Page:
Year of Publication

2014

Degree Name

Master of Science (MS)

Document Type

Master's Thesis

College

Arts and Sciences

Department

Psychology

First Advisor

Dr. Mark T. Fillmore

Abstract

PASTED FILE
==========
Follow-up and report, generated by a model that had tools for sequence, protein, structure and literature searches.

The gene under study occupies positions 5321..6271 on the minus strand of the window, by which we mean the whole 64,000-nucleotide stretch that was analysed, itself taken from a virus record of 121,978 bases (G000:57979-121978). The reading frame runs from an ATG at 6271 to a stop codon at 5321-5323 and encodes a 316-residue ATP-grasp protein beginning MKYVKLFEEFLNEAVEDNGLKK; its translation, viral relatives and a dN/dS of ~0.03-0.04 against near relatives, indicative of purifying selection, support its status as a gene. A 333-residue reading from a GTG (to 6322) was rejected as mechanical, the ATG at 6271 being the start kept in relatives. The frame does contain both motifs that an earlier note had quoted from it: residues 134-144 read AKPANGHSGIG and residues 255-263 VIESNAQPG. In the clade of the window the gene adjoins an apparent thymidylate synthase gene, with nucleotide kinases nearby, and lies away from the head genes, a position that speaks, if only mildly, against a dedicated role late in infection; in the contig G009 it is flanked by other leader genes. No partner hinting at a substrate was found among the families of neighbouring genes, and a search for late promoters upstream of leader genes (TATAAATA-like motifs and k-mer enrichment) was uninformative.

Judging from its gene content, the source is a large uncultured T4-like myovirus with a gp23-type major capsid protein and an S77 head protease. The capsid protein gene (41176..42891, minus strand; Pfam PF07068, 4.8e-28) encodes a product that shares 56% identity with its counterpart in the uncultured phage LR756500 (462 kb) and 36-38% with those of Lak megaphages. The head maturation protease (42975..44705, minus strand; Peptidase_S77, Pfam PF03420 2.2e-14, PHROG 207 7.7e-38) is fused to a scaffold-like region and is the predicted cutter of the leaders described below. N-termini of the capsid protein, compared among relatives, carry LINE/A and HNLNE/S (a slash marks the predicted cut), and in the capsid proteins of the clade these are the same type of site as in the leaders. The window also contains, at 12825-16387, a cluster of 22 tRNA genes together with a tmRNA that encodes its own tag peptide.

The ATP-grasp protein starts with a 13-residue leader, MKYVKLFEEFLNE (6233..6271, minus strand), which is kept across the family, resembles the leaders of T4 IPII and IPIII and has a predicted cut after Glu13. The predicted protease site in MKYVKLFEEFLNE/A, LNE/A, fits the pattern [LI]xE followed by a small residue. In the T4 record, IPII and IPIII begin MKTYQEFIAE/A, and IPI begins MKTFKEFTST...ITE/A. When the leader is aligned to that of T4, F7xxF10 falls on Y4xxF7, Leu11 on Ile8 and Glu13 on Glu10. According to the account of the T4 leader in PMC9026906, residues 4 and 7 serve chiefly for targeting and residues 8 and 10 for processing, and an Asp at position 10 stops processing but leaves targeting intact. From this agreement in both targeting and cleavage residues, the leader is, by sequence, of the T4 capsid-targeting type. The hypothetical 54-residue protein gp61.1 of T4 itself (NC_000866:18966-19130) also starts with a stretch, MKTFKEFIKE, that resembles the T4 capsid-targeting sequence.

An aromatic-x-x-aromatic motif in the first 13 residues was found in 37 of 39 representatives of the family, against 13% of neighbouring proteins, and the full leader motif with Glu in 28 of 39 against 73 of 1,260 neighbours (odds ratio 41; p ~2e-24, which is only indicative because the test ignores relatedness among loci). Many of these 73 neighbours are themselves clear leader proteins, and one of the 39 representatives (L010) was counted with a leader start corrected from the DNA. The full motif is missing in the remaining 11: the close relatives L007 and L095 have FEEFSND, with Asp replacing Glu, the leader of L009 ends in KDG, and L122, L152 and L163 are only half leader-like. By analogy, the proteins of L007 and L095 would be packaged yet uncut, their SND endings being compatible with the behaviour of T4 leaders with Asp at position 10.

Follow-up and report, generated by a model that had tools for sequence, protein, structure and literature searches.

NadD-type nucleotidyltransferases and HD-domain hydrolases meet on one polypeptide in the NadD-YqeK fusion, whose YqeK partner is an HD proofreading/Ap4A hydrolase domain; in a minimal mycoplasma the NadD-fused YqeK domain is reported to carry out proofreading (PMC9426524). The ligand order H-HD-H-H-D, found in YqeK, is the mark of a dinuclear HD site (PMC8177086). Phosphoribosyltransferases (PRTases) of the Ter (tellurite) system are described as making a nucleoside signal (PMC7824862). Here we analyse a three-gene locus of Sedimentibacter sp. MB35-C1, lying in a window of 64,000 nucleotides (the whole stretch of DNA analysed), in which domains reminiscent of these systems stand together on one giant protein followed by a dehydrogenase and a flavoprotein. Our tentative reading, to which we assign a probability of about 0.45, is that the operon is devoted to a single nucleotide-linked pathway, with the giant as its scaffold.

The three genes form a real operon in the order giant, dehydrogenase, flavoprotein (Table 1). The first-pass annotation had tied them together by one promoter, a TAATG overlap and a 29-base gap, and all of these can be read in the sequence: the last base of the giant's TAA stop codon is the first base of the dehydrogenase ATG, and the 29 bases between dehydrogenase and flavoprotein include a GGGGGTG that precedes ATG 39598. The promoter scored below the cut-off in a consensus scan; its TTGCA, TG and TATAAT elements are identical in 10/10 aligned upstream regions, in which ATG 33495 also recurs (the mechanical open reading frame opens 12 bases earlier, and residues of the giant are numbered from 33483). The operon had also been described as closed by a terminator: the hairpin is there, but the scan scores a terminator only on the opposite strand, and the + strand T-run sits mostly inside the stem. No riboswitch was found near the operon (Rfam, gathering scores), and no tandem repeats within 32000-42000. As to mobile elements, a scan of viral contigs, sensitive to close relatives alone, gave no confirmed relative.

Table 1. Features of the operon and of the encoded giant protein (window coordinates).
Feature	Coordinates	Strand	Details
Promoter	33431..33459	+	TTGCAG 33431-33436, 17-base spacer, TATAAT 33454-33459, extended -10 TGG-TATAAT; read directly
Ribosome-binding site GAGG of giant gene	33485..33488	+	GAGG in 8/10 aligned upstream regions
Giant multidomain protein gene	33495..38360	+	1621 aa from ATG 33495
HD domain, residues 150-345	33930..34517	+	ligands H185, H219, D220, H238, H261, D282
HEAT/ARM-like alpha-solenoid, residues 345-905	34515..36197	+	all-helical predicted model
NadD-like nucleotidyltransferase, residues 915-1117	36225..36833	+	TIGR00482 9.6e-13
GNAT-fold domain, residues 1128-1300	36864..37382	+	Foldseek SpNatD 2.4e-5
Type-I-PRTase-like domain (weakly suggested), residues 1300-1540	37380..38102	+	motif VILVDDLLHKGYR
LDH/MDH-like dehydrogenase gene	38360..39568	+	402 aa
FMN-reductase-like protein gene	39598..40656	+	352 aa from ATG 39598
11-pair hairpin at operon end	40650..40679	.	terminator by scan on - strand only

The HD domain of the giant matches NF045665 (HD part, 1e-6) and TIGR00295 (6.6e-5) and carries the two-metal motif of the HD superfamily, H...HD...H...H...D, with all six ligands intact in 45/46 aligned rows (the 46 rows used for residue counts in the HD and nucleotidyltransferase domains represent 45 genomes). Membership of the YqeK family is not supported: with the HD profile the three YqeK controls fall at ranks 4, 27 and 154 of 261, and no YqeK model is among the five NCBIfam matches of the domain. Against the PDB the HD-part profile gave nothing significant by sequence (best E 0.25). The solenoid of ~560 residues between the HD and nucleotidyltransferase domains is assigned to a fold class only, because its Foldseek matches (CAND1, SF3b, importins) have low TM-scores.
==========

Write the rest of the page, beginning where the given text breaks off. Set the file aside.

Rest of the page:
Licensed drivers arrested for driving under the influence (DUI) of alcohol have increased rates of vehicle crashes, moving violations, and traffic tickets (Evans, 2004). To date, no research has examined specific self-regulatory mechanisms of the DUI driver under a dose of alcohol that might underlie risky driving behavior. The present study examined the degree to which DUI drivers display an increased sensitivity to the acute impairing effects of alcohol on driving performance and overestimate their driving fitness following alcohol consumption. Adult drivers with a history of DUI and a demographically-matched group of control drivers without a DUI were tested following a 0.65 g/kg dose of alcohol and a placebo. Results indicated that while alcohol impaired several measures of simulated driving performance, there were no differences between DUI offenders and controls on any of these measures. Compared with controls, intoxicated DUI drivers self-reported greater ability and willingness to drive as BAC declined despite no differences in levels of self-reported intoxication or BAC estimation. These findings provide evidence that DUI drivers might perceive themselves as more fit to drive after drinking despite clear evidence for their behavioral impairment. These findings could have important implications in the decisions to drink and drive.

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